been darkened, and I felt a kind of panic on seeing the pale yellow light of the moon illuminate the chamber. The shutters had been thrown back; and, with a sensation of horror not to be described, I saw at the open window a figure the most hideous and abhorred. A grin was on the face of the monster; he seemed to jeer, as with his fiendish finger he pointed towards the corpse of my wife. I rushed towards the window, and drawing a pistol from my bosom, fired; but he eluded me, leaped from his station, and, running with the swiftness of lightning, plunged into the lake.
The report of the pistol brought a crowd into the room. I pointed to the spot where he had disappeared, and we followed the track with boats; nets were cast, but in vain. After passing several hours, we returned hopeless, most of my companions believing it to have been a form conjured up by my fancy. After having landed, they proceeded to search the country, parties going in different directions among the woods and vines.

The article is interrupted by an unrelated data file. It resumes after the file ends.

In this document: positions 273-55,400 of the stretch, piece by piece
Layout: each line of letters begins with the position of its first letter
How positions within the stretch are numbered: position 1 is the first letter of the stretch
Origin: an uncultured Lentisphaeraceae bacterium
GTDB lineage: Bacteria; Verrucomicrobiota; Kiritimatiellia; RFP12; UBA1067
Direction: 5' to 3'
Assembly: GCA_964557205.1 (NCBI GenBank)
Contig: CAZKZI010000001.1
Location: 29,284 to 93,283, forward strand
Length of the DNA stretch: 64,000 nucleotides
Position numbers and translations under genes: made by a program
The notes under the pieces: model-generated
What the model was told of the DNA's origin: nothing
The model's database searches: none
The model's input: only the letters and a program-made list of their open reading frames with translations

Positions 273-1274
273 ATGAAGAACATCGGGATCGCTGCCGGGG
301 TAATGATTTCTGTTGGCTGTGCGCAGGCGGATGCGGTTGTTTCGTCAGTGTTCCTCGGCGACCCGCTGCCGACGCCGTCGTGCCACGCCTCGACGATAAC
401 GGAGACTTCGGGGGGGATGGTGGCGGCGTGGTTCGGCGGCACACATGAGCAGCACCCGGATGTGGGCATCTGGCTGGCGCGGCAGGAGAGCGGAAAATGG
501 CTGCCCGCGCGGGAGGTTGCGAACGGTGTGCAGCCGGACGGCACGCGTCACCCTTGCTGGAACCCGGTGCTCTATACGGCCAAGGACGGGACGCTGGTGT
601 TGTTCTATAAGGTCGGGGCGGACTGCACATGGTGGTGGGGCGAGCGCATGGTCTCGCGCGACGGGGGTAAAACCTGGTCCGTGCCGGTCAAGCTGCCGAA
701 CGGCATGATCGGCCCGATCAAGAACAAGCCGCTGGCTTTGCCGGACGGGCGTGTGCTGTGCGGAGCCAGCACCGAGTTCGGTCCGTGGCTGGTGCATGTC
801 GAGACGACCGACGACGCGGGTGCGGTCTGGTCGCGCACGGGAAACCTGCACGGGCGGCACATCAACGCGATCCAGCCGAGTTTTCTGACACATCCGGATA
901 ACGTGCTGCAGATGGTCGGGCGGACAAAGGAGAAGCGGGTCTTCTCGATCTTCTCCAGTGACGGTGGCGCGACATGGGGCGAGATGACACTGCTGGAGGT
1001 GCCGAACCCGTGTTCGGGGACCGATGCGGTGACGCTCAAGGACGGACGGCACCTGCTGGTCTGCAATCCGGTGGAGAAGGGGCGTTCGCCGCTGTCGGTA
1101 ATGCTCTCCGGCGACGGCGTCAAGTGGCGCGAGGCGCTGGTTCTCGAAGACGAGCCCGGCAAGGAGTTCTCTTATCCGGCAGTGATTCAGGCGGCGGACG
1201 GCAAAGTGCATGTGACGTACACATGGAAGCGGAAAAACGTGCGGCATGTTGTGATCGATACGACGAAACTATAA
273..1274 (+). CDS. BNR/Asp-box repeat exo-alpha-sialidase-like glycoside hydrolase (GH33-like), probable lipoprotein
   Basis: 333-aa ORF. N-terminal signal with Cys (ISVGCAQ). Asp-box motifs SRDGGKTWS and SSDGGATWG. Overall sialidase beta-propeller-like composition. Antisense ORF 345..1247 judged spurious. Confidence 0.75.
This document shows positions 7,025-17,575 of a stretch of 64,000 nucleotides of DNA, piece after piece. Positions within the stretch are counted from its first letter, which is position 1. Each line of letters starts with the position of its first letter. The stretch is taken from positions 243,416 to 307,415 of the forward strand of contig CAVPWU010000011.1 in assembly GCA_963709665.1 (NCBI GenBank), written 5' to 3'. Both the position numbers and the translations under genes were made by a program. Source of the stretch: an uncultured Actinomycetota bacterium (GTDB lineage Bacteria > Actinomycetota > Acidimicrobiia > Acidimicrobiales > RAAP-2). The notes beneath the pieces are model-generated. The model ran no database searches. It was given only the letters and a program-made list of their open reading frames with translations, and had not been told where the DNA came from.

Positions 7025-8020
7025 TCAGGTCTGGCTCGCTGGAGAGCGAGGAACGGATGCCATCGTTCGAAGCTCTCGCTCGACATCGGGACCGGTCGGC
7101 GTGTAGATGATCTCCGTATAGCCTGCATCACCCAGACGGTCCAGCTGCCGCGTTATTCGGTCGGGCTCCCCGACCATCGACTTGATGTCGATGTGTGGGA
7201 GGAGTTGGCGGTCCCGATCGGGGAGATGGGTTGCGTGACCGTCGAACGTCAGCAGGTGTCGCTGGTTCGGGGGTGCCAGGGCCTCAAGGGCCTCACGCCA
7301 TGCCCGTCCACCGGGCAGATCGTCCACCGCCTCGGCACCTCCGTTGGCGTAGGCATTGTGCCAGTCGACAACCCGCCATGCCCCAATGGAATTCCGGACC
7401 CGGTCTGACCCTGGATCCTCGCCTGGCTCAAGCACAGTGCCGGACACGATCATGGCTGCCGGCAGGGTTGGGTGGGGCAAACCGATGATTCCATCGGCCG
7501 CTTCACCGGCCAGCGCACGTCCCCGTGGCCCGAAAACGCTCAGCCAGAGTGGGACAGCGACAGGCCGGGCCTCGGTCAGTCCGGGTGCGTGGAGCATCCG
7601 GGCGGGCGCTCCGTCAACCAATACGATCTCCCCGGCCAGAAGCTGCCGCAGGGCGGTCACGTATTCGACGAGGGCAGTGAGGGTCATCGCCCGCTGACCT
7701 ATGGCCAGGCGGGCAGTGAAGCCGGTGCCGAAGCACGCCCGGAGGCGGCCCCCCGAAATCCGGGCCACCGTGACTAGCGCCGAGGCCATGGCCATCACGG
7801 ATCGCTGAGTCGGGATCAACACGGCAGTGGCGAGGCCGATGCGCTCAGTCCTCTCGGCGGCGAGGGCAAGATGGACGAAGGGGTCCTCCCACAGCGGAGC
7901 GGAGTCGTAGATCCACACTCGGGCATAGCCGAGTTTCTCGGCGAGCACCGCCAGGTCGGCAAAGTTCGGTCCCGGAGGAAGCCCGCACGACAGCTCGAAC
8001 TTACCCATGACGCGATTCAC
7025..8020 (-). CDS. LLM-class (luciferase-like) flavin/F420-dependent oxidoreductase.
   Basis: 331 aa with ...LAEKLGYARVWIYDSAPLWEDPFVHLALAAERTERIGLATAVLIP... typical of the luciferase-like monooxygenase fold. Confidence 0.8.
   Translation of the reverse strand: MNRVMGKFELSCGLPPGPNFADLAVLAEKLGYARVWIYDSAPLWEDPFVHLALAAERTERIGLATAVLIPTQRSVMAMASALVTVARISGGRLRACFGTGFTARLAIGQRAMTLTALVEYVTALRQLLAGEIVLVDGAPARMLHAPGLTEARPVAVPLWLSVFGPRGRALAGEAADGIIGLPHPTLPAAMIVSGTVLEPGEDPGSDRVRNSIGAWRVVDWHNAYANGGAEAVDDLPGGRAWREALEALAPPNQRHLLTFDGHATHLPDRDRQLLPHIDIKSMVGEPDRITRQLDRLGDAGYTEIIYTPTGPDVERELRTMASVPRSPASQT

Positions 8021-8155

I attempted to accompany them, and proceeded a short distance from the house; but my head whirled round, my steps were like those of a drunken man, I fell at last in a state of utter exhaustion; a film covered my eyes, and my skin was parched with the heat of fever. In this state I was carried back, and placed on a bed, hardly conscious of what had happened; my eyes wandered round the room, as if to seek something that I had lost.
After an interval, I arose, and, as if by instinct, crawled into the room where the corpse of my beloved lay. There were women weeping around—I hung over it, and joined my sad tears to theirs—all this time no distinct idea presented itself to my mind; but my thoughts rambled to various subjects, reflecting confusedly on my misfortunes, and their cause. I was bewildered in a cloud of wonder and horror. The death of William, the execution of Justine, the murder of Clerval, and lastly of my wife; even at that moment I knew not that my only remaining friends were safe from the malignity of the fiend; my father even now might be writhing under his grasp, and Ernest might be dead at his feet. This idea made me shudder, and re-